Helping a Dog Get Learn to Stop Being Possessive of His Owner Around Children

By: David Codr

Published Date: October 30, 2014

OusOus is a six-year-old Australian Shepherd mix who has become possessive of one of his owners when her young nieces come to visit.

When I arrived for the session, Ous met me at the door and showed a normal level of curiosity. He seemed confident and while he was excited, it was not excessive. As I introduced myself to his owners I kept an eye on him for any signs of stress or aggression. Ous showed none of the above while we chatted in the entryway.

I have found that many possessive and aggressive behaviors are result of the dog perceiving himself to be equal or superior in authority to his owners. Sometimes this occurs when a dog’s owners do not incorporate clear rules, boundaries and structure into the dogs life. Not every dog needs this type of structure, but when a dog shows signs of stress or aggression, adding structure is a good place to start.

Ous’ owner’s recently relocated which can be a stressful and confusing time for an older dog. Adding to the issue, Ous had little to no experience around young children prior to moving to his current home. Its not uncommon for dogs that lack exposure to young children to have difficulty interacting with them. As any parent knows, children can be loud, active and unpredictable.

I started out by suggesting a few basic rules to help ensure that Ous sees himself in a more subordinate position to the humans in the home. Making a dog sit before going through an open door, not allowing it on the furniture or requiring it to follow a command before getting attention or affection are simple easy to enforce rules that help define the authority roles in the home.

I also went over a few basic communication methods for commands and corrections. Dog communication is a very subtle thing that many humans do not notice. By teaching his owners the basics, they will be able to get better response from their dog. This will also help them learn how to read his body language and other methods of communication.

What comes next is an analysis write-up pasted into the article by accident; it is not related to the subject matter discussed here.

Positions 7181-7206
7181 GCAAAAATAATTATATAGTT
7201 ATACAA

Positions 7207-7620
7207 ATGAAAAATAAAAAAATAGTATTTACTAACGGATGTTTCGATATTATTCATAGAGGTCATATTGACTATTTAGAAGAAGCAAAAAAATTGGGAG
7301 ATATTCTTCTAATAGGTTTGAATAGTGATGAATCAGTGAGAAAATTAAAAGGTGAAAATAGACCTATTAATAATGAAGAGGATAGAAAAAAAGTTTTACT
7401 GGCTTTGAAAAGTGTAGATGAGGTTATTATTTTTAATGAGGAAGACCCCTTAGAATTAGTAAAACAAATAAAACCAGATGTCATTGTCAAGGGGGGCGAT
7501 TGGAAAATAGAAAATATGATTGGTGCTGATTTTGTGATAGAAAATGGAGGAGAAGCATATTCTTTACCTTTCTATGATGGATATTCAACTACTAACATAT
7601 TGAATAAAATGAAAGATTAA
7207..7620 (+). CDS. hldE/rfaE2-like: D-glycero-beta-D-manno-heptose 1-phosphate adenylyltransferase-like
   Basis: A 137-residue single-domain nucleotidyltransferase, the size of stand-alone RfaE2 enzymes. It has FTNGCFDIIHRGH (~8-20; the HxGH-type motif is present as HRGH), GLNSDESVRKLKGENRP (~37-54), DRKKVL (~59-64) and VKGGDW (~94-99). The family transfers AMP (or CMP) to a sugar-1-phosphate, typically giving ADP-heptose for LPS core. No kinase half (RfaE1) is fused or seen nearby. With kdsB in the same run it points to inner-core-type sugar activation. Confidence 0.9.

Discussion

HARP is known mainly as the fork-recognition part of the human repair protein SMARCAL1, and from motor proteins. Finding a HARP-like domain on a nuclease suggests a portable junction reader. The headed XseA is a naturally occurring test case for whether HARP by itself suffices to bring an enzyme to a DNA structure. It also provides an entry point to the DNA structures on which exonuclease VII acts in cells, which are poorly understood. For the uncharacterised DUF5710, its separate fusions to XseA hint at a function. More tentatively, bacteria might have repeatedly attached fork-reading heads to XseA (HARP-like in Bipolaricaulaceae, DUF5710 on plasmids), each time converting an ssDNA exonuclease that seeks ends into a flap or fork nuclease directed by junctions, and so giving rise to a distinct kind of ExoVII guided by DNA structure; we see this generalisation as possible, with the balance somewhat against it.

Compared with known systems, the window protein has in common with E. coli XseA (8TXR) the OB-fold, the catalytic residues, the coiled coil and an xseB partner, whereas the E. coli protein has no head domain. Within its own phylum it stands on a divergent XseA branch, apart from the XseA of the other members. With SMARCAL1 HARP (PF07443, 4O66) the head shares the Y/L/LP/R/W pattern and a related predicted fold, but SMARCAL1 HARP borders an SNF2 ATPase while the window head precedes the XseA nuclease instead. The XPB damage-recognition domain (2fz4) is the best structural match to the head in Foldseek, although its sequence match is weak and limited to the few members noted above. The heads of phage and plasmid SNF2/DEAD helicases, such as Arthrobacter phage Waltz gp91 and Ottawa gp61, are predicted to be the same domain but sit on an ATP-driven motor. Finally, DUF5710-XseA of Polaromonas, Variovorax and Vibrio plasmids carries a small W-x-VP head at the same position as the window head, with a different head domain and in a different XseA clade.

Next we practiced a leadership exercise to introduce the concept of rules and self-restraint to Ous. At first he ignored me and tried to get the motivational treat himself so I blocked him and kept at it. A few minutes later Ous had mastered the exercise so I walked his owners through it and suggested that they practice it daily for the next week or two to really cement the lessons to their dog.

As one of their owner’s nieces lives down the street, I went over a plan to gradually expose Ous to the young ones in a slower, more deliberate process. Some of the highlights included some safeguards, warnings to watch out for and having the children come over one at a time so that the dog doesn’t feel overwhelmed.

By assuming the leadership role, enforcing structural rules and boundaries and communicating in a way he understands, Ous’s owners will change the dog’s perception of his authority. Once this change has taken place, they will be able to start gradually introducing the children in a paced and structured format that allows the dog to become used to their presence. With time, Ous will not only tolerate them, he will look forward to their visits and attention.

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This post was written by: David Codr

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